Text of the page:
Why Real Sports Fans Don't Care About the Cold
As someone who grew up having unpredictably cold weather from mid-October until potentially early April, I know that it takes serious skill to deal with it.
And although there were plenty of times I either played in or went to a sporting event where temperatures were in the teens or snow was falling, I always made sure I bundled up to stay warm.
Some fans, though, don't care much for the hats, gloves or, in some cases, shirts that we wear. Instead they decide that letting it all hang out is the way to go.
Whether they're insane, hammered or just plain stupid, here are a few fans who show that regardless of the elements, they will be out in the cold in full force.
They Can Always Pile on Blankets
Sure, I'm not a huge fan of checking the weather before a game and seeing that the temperature is subzero with the wind chill, but that doesn't deter me from going to the stadium.
Simply put, with all the compression-type clothing that people can buy to wear beneath clothes on top of wrapping themselves up in blankets, no fan should ever use the cold as an excuse.
And who knows, maybe when you add in the warmth from the blankets with moving around and cheering, you'll actually break a sweat—though it's doubtful.
The Games Are Always More Fun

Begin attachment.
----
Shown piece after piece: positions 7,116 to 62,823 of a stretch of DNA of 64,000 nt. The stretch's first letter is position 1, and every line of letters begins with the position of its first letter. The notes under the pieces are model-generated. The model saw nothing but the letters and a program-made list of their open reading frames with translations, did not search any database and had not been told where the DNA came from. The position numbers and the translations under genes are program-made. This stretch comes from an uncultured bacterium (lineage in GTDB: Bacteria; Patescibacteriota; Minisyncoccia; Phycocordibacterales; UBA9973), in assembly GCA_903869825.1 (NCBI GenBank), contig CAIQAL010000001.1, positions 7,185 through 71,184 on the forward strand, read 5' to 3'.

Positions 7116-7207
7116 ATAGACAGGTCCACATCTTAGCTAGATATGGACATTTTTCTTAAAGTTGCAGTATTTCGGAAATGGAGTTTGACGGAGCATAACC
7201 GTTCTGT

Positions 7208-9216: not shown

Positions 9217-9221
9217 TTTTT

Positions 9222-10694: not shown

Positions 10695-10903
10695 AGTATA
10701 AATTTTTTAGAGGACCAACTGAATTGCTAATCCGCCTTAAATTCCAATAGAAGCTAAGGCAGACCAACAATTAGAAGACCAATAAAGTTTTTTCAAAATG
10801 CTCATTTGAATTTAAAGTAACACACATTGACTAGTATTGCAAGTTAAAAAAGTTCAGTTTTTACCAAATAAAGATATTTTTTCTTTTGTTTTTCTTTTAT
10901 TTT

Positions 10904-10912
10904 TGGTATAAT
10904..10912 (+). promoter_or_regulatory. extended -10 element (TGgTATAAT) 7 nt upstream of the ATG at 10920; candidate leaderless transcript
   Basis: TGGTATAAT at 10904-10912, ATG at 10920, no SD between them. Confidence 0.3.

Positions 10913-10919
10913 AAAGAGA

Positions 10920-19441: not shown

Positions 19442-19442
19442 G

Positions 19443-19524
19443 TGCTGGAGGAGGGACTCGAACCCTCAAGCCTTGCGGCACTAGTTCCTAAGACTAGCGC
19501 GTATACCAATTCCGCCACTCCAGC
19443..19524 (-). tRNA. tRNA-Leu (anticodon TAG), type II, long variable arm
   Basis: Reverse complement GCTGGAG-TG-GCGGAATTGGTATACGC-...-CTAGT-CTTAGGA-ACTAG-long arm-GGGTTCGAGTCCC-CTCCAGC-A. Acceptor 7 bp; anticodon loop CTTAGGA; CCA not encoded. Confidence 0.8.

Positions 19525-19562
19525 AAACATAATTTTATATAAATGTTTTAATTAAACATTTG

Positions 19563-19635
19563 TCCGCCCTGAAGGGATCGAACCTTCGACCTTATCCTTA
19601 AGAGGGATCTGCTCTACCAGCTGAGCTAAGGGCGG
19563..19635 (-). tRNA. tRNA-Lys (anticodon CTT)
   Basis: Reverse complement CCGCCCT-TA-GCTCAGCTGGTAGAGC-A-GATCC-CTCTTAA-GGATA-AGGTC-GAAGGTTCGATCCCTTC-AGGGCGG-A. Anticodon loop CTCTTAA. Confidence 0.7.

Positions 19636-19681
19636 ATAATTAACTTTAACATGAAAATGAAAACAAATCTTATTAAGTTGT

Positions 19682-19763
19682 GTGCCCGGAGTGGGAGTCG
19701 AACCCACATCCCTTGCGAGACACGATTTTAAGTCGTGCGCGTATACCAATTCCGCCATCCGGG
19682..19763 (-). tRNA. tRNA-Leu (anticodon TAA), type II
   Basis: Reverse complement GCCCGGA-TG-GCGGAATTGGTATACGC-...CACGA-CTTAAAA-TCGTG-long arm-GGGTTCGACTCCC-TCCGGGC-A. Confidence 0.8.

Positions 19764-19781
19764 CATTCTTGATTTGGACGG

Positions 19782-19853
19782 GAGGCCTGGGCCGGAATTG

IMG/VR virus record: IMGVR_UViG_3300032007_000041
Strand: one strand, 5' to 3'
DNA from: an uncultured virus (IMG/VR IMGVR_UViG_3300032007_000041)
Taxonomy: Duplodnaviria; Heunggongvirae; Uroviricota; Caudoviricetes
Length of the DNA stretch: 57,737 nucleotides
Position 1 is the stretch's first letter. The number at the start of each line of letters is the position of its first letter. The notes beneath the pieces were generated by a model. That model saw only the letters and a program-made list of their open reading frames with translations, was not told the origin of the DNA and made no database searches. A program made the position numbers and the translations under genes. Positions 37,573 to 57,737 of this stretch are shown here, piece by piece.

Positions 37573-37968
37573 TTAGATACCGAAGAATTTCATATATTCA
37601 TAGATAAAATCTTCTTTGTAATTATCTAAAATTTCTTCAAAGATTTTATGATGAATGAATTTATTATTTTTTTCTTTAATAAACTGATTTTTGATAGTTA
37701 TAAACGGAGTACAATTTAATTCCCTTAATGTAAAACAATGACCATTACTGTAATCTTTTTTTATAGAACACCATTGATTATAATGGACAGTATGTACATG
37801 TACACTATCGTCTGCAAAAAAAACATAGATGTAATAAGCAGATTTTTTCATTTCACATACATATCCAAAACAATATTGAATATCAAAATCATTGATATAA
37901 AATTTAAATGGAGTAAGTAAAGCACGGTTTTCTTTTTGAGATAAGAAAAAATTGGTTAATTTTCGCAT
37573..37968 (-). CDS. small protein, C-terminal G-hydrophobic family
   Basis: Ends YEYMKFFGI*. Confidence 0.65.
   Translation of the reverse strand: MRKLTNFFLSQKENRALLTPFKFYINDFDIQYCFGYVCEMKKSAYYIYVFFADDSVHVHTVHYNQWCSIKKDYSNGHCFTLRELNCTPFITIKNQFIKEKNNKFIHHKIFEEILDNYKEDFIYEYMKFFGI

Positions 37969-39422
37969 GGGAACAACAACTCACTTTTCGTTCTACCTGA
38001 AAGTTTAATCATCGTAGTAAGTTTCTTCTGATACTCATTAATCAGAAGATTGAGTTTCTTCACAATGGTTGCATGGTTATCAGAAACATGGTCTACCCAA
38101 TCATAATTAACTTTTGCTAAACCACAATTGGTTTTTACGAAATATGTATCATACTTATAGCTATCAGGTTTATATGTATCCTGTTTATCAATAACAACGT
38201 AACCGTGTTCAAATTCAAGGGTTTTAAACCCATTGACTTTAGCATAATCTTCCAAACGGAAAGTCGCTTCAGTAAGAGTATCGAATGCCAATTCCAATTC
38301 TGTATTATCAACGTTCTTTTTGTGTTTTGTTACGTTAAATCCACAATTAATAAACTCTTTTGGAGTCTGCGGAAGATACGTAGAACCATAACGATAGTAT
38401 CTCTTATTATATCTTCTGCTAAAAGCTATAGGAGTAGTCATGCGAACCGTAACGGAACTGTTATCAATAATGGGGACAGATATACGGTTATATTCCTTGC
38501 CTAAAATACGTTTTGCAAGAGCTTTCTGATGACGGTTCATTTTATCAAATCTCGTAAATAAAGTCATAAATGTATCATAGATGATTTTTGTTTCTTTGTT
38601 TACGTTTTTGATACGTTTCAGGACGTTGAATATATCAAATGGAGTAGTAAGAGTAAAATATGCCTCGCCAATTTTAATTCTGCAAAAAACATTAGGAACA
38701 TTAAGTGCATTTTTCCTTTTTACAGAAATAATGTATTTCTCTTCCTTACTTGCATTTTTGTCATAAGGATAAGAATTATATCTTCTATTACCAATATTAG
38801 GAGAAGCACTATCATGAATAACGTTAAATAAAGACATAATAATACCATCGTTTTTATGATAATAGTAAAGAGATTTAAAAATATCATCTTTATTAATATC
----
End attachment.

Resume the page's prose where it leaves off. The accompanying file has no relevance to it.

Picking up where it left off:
I love watching athletes get humanized a bit. While playing sports is their profession, it's great to see them having fun doing it.
Never does that come out more than when players get a chance in a cold game. They get to slide around in the snow as if it were a backyard pickup game with friends.
Some of us have some great memories of playing in the snow, so when fans get to see their heroes enjoying it, it's cool to be there firsthand.
They Want to Be Remembered for Something
When looking at this picture here, there's no doubt you aren't distracted by the big, shirtless, bald guy, right?
And it's no secret that every sports fan hopes to make a name for himself—in a non-Bartman way, of course—so why not be known as the dude who bares his skin at every game?
It may not score you a date, but you might get a little face time on TV.
To Build a Few More 'Fans' in the Stands
When other fans are too wussy to show up and help pack the stadium for a cold-weather game, sometimes the best thing the folks who go can do is make up for the ones who didn't.
How would they do that?
By building a few snowmen in the stands, of course, complete with team colors and a few cheerful moves to get the crowd hyped.
In some cases, it might be the most entertaining thing that fans get to do all day, especially if their team is getting lit up on the scoreboard.
The Beer Is Always Cold
While these Green Bay Packers fans might look like they're freezing cold by wearing nothing but bikinis, gloves and a beanie, they seem to believe that the cold brew in their hands will help numb the chill of the temperature.
It probably won't do anything like that, but at the very least it will stay nice and cold to sip on all game, so that's something cool.
To Show Their Chest Hair